Bristol-Myers Says ORENCIA Trial Positive for Rheumatoid Arthritis Treatment
Rheumatoid arthritis (RA) is an autoimmune disease that leads to inflammation of the joints and surrounding tissue causing joint damage and chronic pain and stiffness. ORENCIA, a medication by Bristol-Myers Squibb, is FDA-approved to treat RA but is currently only offered in a monthly intravenous dose. The company announces that a Phase III clinical study on a new formulation of ORENCIA has shown promising results and hopes to expand options for RA patients, allowing for self-administered weekly injections instead.
New Formulation of Abatacept May Provide Patient Options for Rheumatoid Arthritis Treatment
Orencia (abatacept) belongs to a group of medications called DMARD’s, or disease-modifying anti-rheumatic drugs. It works by blocking the activity of T-cells, a type of immune cell that causes swelling and joint damage. Other recently approved DMARD’s include Actemra (Genentech), Simponi (Centocor Ortho Biotech), and Cimzia (UCB).
The ACQUIRE trial (Abatacept Comparison of Sub(Qu)cutaneous vs. Intravenous in Inadquate Responders to Methotrexate) is a multinational study involving 1,457 patients with moderate to severe rheumatoid arthritis who had failed to achieve a positive response using methotrexate. The subjects were given ORENCIA either by injections of the new formulation of the drug (1.0 mL solution containing a 125 mg subcutaneous dose of ORENCIA) or by monthly IV administration as is currently approved.
Disease activity was measured using the ACR20 criteria, an accepted measure of drug response. A patient achieving at least 20% improvement in RA disease state is considered successful.
After six months, the groups experienced similar results in achieving ACR20, significant because “they demonstrate that subcutaneous ORENCIA may provide an additional administration option for patients and physicians,” said lead author Dr. Mark C. Genovese, professor of medicine and co-chief of the Division of Immunology and Rheumatology at Stanford University Medical Center.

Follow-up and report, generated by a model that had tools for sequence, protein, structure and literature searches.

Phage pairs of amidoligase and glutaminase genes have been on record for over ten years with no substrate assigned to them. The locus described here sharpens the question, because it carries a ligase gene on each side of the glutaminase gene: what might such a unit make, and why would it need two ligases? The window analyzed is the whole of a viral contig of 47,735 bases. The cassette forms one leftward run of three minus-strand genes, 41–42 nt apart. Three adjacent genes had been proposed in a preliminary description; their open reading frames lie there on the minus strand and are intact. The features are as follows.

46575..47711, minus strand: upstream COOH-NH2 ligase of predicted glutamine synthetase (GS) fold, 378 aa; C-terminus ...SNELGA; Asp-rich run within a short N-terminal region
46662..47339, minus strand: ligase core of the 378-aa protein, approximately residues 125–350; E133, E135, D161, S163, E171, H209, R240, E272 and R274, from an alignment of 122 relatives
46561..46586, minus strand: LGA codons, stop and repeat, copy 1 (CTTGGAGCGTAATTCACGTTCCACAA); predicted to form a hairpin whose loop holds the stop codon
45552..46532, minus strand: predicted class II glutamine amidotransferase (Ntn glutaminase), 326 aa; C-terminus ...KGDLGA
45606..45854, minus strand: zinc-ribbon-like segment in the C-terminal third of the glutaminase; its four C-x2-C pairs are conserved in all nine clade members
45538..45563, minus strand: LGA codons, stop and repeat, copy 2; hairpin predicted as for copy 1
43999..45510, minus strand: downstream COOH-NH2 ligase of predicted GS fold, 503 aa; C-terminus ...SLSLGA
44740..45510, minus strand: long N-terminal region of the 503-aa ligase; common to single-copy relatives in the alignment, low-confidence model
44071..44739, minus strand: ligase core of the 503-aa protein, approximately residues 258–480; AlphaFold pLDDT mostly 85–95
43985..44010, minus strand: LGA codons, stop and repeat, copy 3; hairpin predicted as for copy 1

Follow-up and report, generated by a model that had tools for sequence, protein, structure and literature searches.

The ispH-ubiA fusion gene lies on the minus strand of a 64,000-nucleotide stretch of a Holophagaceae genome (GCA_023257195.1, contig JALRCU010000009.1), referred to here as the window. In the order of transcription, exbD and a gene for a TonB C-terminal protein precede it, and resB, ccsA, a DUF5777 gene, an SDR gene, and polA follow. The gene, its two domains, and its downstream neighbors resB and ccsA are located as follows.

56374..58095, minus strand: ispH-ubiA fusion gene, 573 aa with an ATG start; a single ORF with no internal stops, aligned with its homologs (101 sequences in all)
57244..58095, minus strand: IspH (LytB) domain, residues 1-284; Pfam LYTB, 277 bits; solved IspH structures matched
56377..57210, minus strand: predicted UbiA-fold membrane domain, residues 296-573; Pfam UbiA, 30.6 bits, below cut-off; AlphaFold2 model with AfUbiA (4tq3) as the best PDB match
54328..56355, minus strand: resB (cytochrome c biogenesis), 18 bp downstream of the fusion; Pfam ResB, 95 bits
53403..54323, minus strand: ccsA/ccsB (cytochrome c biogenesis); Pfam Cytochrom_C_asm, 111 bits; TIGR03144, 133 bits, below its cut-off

Intravenously, the drug is given at a doctor’s office every 2 weeks for the first three doses and then every 4 weeks after that. Side effects can include headache, dizziness, runny nose, sore throat, nausea, heartburn, and back, arm or leg pain. Side effects and adverse events were slightly less in the injection group versus the IV group.
While ORENCIA is showing positive results in rheumatoid arthritis, the drug has not had success with preventing flares in patients with systemic lupus erythematosus (SLE). Because T-cell activation also plays a role in the immunopathology of lupus, researchers at the Oklahoma Medical Research Foundation studied the drug in 180 patients with active disease (mostly white women, mean age 39 years with mean disease duration of seven years). The scientists found that 79.7% of patients receiving abatacept had new flares versus 82.5% of those on placebo.
The ACQUIRE results will be presented this week at the American College of Rheumatology (ACR) Annual Scientific Meeting in Atlanta, GA. The lupus study was published in the October issue of Arthritis and Rheumatism.